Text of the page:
Locals in an evacuated area in Iceland were allowed to return home to collect basic necessities on Thursday and Friday, as officials warned of the possibility of an imminent volcanic eruption and earthquakes continued to shake parts of the country.
The Icelandic Meteorological Office said the Reykgnanes Peninsula in the southwestern part of the country has been rocked by thousands of tremors in recent days, and seismic activity has remained “steady” since November 11.
The town of Grindavik, about 35 miles from the capital, Reykjavik, has turned into a scene reminiscent of a doomsday movie, with huge cracks shattering concrete and the walls of houses, and steam rising from deep within the earth. The earthquakes led to the closure of the popular Blue Lagoon tourist attraction at Grindavik Spring on November 10.
The town, with a population of 3,400, was evacuated on Saturday.
On Thursday, one person from each family from Grindavik was allowed to return to collect basic necessities. Officials said. Earlier in the week, power was cut to half the city, but it has since been restored RÚVAccording to the Icelandic National Broadcasting Corporation.
Residents of 90 properties and local business owners contacted by local authorities will be allowed to enter the “danger zone” in Grindavík on Friday as well. Residents have been urged to take back only “very important items” such as pets, vital medicines, passports and other household essentials.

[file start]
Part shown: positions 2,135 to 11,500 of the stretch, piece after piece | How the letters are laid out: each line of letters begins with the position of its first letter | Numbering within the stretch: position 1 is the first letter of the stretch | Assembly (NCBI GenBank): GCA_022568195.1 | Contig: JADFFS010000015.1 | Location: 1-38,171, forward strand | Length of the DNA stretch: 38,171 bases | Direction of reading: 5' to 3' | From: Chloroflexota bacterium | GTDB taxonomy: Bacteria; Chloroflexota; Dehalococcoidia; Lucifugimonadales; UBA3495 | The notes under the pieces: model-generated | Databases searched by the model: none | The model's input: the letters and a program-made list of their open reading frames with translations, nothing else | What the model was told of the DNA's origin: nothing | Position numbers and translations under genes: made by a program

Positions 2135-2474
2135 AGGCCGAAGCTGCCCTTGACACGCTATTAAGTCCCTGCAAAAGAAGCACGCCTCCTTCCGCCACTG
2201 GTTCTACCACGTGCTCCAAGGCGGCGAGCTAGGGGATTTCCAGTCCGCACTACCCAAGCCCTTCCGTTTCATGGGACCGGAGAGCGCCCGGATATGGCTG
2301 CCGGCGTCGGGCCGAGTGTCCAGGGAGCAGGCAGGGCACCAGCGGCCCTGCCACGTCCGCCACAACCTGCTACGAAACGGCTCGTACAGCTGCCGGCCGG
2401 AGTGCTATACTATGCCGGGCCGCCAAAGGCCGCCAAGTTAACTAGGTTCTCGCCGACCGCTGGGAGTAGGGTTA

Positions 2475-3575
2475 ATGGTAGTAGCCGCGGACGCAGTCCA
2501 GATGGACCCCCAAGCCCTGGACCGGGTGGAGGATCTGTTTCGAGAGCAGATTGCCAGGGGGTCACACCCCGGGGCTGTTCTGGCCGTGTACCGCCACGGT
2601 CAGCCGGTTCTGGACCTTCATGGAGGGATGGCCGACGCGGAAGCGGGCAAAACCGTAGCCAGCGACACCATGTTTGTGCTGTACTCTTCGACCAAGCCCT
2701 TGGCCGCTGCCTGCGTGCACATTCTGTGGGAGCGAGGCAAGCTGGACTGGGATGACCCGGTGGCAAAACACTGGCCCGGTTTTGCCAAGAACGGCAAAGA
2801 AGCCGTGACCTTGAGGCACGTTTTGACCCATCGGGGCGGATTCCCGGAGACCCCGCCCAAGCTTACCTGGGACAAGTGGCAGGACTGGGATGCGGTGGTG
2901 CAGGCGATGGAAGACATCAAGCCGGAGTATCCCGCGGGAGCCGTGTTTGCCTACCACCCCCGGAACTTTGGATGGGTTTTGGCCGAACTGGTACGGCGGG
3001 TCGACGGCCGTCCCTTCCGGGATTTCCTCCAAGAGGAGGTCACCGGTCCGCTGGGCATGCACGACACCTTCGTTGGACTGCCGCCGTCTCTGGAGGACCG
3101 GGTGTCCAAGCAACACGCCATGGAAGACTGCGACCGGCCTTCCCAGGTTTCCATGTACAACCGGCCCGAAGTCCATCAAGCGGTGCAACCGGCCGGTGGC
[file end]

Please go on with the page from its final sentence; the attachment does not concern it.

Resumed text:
“Yesterday’s operations went smoothly but it took some time to allow everyone access and this will be an ongoing process throughout the next few days,” the police commissioner in Suiornes said in a statement. statement.
The Meteorological Office said 800 earthquakes were measured overnight Wednesday, most of them at the Sondhnok magma dam at a depth of 3 to 5 kilometers (1.86 to 3.10 miles). Furthermore, measurements of deformation (i.e. changes in the surface shape of the volcanic landscape) “are consistent with magma still flowing into the dike.”
Officials said measurements of sulfur dioxide – which is released from the volcano when magma is close to the surface – show “fluctuations in degassing due to magma bridging, but more measurements are needed to confirm.”
“The probability of an eruption remains high. If an eruption occurs, the most likely location is a magma dam,” the Met Office said on Wednesday.
She added that about 500 earthquakes had been detected around the dam since midnight on Friday.
Models show a 15-kilometre-long, or 9.32-mile-long, magma intrusion located just northwest of Grindavik, and it is estimated that “the infiltration is spreading upward slowly, and the magma is believed to be 800 meters (half a mile) or higher, below the surface.”
The Met Office said: “The probability of a volcanic eruption is high, and an eruption could be possible over a period of only days.”
Iceland is one of the most active volcanic hotspots in the world, as the island is located where two tectonic plates, the Eurasian plate and the North American plate, are slowly moving away from each other.
Movement along plate boundaries often triggers earthquakes, and as the planet’s crust breaks apart, magma can rise to the surface, triggering volcanic eruptions.
There are about 30 active volcanic systems in the country, according to the Met Office.
In 2010, a series of major eruptions at the Eyjafjallajökull volcano in Iceland produced a massive ash cloud that covered the area, causing widespread air travel cancellations across Europe.
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